You can often find watercress on menus in France and England. Watercress soup is a particularly well-known dish. But watercress farmers are few and far between in the Netherlands.
Dutch consumers are, therefore, not as familiar with this product. It's often mistaken for garden cress. But, it is available in that country. Walk into a Dutch natural store or organic supermarket, and you'll find Kwekerij De Klispoel's watercress.
Cindy Vermeulen and her husband, Ivo van Eck, run this organic nursery in Ubbergen. Cindy's father, Norbert, founded the farm exactly 50 years ago. He can often still be found there, lending a helping hand.
Harvesting to order
At the nursery, harvesting the watercress starts the day at 07:30. Within two hours, it's packed into 75 to 100g bags in the nursery's own packaging facility. It's sometimes mixed with lettuce. "Watercress has a short shelf-life," says Cindy.
"If you leave the harvested product for too long, it starts fermenting. That's why we only harvest to order. We supply nature stores three times a week. The supermarkets collect their orders every day."
Watercress finds its way to the hospitality industry via wholesalers. That, however, happened somewhat less in recent months. "Cruise ships form a large part of our sales. But hat came to a complete standstill in recent months," she says.
The reason watercress is hardly grown in the Netherlands, is the country's lack of the right natural resources, says Cindy. These are essential for this kind of cultivation. "Watercress has two kinds of roots and need both soil and a shallow layer of water."
"These limited resources can only be found in Dutch protected natural areas," explains Vermeulen. "That's why we can only farm organically. These resources are plentiful in France and the UK, as well as Belgium. So, watercress can be grown on a larger scale there."
In June, it was 50 years since Norbert Vermeulen started growing watercress. "My grandfather was a wine merchant and had a trout farm. He supplied chic neighborhood restaurants. One of the restaurant owners asked if he'd cultivate watercress."
"Importing was expensive, and there was a brook close to the trout farm. Grandpa wasn't very enthusiastic about it," says Cindy, "but his son, Norbert, was interested. In 1970, Norbert sowed his first little plants in the brook that fed the trout."
It suited him well. And when demand increased, Norbert rented a plot in the town of Wijchen. The water's quality meant he could only grow limited amounts. So, when a piece of land became available in Ubbergen, he jumped at the chance.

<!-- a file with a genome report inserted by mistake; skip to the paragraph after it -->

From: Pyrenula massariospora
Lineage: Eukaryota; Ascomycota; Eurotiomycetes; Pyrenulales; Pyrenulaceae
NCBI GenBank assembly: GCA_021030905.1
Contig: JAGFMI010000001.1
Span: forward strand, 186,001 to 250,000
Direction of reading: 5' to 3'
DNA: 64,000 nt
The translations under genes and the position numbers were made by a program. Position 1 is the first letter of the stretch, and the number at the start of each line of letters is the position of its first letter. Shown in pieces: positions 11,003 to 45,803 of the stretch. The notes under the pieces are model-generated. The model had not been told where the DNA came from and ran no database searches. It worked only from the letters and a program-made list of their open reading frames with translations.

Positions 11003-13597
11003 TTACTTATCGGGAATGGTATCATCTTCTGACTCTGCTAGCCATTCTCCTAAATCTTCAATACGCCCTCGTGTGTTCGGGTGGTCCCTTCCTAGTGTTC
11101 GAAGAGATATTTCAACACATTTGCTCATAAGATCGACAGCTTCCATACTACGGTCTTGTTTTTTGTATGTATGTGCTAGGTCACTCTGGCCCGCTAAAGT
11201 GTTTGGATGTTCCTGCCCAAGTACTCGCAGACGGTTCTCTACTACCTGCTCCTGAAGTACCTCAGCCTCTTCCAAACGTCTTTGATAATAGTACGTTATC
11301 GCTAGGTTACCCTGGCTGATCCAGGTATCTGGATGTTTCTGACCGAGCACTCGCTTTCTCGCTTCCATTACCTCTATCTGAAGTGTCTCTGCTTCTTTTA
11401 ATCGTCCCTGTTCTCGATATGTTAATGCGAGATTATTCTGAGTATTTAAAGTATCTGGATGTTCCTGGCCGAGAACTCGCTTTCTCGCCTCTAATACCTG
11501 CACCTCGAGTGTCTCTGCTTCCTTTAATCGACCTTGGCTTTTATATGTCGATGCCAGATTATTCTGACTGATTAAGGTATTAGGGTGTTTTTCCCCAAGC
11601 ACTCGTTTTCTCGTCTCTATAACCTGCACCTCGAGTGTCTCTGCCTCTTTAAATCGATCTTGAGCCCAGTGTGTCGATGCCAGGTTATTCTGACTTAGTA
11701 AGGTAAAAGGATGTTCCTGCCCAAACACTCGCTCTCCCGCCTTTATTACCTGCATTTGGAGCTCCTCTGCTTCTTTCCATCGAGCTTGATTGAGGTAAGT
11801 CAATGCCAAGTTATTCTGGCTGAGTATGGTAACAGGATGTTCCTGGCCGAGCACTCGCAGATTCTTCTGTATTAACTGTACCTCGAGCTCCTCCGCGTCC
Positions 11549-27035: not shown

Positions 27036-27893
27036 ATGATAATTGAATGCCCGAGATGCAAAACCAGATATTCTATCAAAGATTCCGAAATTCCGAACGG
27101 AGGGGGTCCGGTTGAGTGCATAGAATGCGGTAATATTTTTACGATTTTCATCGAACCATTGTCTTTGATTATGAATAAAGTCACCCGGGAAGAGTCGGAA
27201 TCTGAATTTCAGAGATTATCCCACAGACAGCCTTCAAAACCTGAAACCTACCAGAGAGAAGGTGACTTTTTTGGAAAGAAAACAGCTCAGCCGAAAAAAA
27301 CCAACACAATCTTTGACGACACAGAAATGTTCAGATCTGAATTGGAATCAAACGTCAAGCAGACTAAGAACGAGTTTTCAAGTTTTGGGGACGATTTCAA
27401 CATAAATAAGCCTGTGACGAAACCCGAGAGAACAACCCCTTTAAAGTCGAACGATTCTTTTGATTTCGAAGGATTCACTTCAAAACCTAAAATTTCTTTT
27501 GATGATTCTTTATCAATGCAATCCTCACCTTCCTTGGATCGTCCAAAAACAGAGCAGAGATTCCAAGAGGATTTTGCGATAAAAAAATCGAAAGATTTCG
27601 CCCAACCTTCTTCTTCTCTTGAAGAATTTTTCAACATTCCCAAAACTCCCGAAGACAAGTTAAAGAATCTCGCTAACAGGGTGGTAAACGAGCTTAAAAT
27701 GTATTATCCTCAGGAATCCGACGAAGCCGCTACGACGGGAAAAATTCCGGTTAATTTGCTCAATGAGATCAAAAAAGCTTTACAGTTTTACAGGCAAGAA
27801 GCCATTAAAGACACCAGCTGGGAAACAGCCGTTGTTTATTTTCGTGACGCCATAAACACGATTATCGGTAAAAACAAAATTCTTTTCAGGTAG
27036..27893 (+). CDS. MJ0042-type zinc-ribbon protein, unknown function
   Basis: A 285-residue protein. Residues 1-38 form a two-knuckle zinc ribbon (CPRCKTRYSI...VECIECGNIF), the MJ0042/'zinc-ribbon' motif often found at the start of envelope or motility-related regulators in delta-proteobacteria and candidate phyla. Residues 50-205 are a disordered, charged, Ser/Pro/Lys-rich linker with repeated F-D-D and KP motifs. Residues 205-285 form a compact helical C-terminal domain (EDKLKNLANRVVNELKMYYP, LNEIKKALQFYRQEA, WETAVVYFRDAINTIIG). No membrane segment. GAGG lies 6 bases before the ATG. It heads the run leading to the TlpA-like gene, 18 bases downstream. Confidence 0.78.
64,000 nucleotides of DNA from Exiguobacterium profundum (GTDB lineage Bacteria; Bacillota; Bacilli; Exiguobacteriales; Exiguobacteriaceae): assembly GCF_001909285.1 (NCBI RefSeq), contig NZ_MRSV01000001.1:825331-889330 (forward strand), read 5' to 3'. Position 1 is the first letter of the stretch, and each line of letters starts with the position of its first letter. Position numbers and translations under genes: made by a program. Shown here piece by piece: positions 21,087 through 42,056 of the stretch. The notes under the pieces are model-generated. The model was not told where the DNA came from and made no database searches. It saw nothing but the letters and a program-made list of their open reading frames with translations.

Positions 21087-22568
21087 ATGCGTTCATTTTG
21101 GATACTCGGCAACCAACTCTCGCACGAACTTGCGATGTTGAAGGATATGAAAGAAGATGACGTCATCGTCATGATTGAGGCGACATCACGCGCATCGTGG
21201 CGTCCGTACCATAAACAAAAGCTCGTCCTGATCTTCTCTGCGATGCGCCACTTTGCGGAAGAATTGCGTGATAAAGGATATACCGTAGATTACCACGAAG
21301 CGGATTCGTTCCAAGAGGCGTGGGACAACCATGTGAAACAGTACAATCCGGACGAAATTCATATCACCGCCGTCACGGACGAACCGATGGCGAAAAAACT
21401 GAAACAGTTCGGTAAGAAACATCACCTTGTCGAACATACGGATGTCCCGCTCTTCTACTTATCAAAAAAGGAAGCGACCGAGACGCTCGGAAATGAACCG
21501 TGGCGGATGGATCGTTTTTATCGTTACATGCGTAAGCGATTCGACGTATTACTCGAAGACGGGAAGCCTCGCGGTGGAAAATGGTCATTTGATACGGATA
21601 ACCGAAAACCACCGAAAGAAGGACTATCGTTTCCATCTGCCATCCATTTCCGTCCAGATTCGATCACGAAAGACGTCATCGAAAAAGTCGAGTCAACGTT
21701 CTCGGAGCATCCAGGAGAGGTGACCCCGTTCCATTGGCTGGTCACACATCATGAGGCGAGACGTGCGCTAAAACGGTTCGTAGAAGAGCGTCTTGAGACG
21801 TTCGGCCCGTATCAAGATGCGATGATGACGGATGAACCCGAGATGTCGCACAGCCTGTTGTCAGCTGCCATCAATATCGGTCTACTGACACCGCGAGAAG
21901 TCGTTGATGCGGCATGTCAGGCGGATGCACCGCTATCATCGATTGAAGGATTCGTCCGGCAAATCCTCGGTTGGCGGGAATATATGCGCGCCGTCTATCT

That's where the nursery is still located. "It's a good place for watercress. The town is at the foot of a weir with lots of water. Here, watercress even grows naturally in the ditches."
Watercress has a characteristic spicy, sharp flavor, similar to radishes. People use it as a leafy vegetable, and you can find it, just like arugula, in a mixed salad. But it's trickier. "The spicy flavor means it's also considered a herb," continues Cindy.
"You can use it to make delicious pesto or herb butter. Watercress is made up of leaves and a stem. The stems are edible, even in salads. However, once you heat watercress, not much of the leaves remain."
"You use only the stems in warm dishes. It gives a good body and tastes just like the leaves. You can, for instance, stirfry or process them into soups and sauces. The spicy flavor dissipates when you heat watercress. So, children often like it too then," she says.
'Bitter in the mouth's good for your health'
Over time, watercress is becoming better known in the Netherlands, especially for its nutritional value. For example, a book was recently published. Written by Thomas Dijkman, it's entitled De geneeskracht van waterkers (Watercress' healing powers).
He has a previous book called De 45 meest geneeskrachtige groenten (The 45 most medicinal vegetables). After this one, it seems there was still enough to say about watercress' healing properties. "Bitter vegetables are very healthy."
"The bitter flavor is due to the plant producing antibodies," Vermeulen explains. "Those are the exact substances that are good for us. The old Dutch adage, 'bitter in the mouth's good for your health,' wasn't said without reason."
De Klispoel doesn't only cultivate watercress. Since the 90s, they've also been growing lettuce, outdoors. "We clean the watercress greenhouses in the spring. In the past, farmers would come and collect the plant waste to use as compost."
"Then, that was no longer allowed without certification. So, we had to find a way to process this plant waste ourselves." The adjacent plot of land was available, so they decided to start a new farm. There they used the plant waste as compost.
"With a seed supplier, we tried growing baby leaf lettuce. Back then, we were the only Dutch nursery that supplied that," the nursery owner says. "When other nurseries started growing this product too, we switched to young outdoor lettuce. This plant has somewhat larger leaves but is more flavorsome."
They also cultivate other varieties in their greenhouses, but, according to Cindy, these taste really different. "With outdoor farming, plants have to defend themselves against all kinds of elements. That creates antibodies."
"The leaves thicken, and the lettuce is more fibrous. It contains more vitamins and antioxidants and has a higher dry matter content. The taste becomes more intense, too," Cindy concludes.